Korean J Audiol.  2012 Sep;16(2):54-64. 10.7874/kja.2012.16.2.54.

Prevalence and Risk Factors of Hearing Loss Using the Korean Working Conditions Survey

Affiliations
  • 1Occupational Safety and Health Research Institute, Korea Occupational Safety and Health Agency, Incheon, Korea. kobawoo@kosha.net

Abstract

BACKGROUND AND OBJECTIVES
The hearing loss of workers can occur when they are affected by age, otologic disease, and work-related risks such as noise and chemicals. Based on the Korean Working Conditions Survey (KWCS) in 2010, this research aimed to estimate the prevalence rate of hearing loss and to identify the risk factors affecting its occurrence.
SUBJECTS AND METHODS
The subjects were 10019 employees who completed an interview conducted as part of KWCS in 2010. The prevalence rate of hearing loss according to sex, age, education, income, smoking, drinking, hypertension, industrial type, occupations, employment status, working period, and hazards at the workplace were assessed. The factors that could affect the occurrence of hearing loss were investigated based on a logistic regression analysis.
RESULTS
The prevalence rate of hearing loss was 2.7%. In a logistic multivariate analysis, sex, age, occupations, working period, noise, and exposure to chemicals showed statistically significant correlations to the occurrence of hearing loss. The adjusted odd ratios were as follows: 1.74 [95% confidence interval (CI), 1.03-2.96] for males, 2.11 (95% CI, 1.14-3.89) for those in their 40s, 2.24 (95% CI, 1.19-4.20) for those in their 50s, 2.21 (95% CI, 1.18-4.15) for manage/professional works, 2.73 (95% CI, 1.69-4.41) for manufacturing, 2.07 (95% CI, 1.36-3.15) for those who have worked for more than 20 years, 1.72 (95% CI, 1.14-2.58) for noise exposure, 1.53 (95% CI, 1.02-2.30) for vibration exposure and 1.58 (95% CI, 1.11-2.24) for chemical exposure.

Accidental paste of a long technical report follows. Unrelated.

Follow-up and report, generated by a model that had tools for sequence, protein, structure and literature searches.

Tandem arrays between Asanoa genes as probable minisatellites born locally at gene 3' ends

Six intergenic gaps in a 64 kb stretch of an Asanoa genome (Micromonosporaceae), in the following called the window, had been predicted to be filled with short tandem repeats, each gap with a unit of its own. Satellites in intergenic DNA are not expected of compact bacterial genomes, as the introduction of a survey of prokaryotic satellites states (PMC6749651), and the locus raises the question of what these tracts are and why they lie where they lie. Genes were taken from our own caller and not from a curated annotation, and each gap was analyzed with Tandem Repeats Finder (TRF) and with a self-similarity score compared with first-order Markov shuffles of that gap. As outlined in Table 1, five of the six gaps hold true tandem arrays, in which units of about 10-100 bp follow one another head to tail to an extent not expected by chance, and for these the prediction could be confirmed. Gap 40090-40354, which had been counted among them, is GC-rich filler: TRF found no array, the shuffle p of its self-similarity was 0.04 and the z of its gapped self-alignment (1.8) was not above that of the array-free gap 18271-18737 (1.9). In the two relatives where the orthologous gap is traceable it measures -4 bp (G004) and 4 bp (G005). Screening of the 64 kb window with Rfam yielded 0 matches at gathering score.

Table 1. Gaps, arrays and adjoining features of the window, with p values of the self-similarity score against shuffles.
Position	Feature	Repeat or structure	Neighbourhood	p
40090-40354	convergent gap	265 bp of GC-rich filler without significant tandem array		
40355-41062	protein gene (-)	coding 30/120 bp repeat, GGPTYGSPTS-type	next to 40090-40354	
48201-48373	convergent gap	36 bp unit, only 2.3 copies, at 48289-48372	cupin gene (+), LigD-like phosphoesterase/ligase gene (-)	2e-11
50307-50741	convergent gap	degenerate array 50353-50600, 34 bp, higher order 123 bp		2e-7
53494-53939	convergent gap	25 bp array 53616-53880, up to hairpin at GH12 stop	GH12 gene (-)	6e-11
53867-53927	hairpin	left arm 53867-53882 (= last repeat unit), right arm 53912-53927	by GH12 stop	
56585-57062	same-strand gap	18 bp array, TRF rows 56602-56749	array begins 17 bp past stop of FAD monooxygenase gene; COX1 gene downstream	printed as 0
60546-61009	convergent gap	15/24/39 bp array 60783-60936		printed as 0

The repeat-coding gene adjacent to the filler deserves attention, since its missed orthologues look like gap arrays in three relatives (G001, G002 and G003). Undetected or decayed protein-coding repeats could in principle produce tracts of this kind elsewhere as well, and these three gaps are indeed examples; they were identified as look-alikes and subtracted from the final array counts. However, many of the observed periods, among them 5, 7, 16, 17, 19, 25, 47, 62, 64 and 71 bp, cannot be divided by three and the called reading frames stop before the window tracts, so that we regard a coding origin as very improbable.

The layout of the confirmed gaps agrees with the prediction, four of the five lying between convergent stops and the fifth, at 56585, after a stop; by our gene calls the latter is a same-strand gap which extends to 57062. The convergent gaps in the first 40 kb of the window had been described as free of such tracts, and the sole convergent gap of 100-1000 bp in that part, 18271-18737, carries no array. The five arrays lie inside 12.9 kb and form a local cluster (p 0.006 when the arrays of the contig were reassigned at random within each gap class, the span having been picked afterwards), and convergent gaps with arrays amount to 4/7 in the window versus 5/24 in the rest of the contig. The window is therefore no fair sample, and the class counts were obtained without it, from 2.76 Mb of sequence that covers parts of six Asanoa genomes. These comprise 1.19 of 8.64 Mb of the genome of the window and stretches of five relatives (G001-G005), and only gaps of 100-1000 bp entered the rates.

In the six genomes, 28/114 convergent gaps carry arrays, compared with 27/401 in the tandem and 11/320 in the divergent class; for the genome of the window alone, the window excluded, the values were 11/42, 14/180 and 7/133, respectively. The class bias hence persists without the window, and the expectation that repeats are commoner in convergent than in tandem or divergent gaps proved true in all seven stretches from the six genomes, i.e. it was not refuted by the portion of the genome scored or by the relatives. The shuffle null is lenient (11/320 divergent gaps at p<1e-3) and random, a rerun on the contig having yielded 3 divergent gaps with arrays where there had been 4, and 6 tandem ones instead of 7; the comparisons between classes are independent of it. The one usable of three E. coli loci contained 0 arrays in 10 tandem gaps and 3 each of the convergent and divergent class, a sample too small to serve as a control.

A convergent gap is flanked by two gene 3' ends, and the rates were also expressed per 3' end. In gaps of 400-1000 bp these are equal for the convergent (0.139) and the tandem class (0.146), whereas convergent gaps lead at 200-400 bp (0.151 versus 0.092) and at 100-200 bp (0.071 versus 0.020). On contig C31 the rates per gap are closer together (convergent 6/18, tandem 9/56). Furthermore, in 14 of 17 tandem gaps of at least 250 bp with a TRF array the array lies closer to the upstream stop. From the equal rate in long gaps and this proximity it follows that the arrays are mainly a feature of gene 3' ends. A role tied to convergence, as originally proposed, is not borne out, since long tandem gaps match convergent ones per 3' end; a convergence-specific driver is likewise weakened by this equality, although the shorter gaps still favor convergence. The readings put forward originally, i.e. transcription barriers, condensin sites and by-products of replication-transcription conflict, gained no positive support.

CONCLUSIONS
The overall occupational and non-occupational risk factors related to employees' hearing loss were reviewed. In addition to the exposure to noise, occupational risks of hearing loss, such as isolated exposure to vibration and chemicals, and combined exposure to noise and these hazards, were identified. Multiple exposure to hazards, along with prolonged noise exposure increased the risk of hearing loss.

Keyword

Hearing loss; Risk factors; Noise; Chemicals

MeSH Terms

Drinking
Ear Diseases
Employment
Hearing
Hearing Loss
Humans
Hypertension
Logistic Models
Male
Multivariate Analysis
Noise
Noise, Occupational
Occupations
Prevalence
Risk Factors
Smoke
Smoking
Vibration
Smoke
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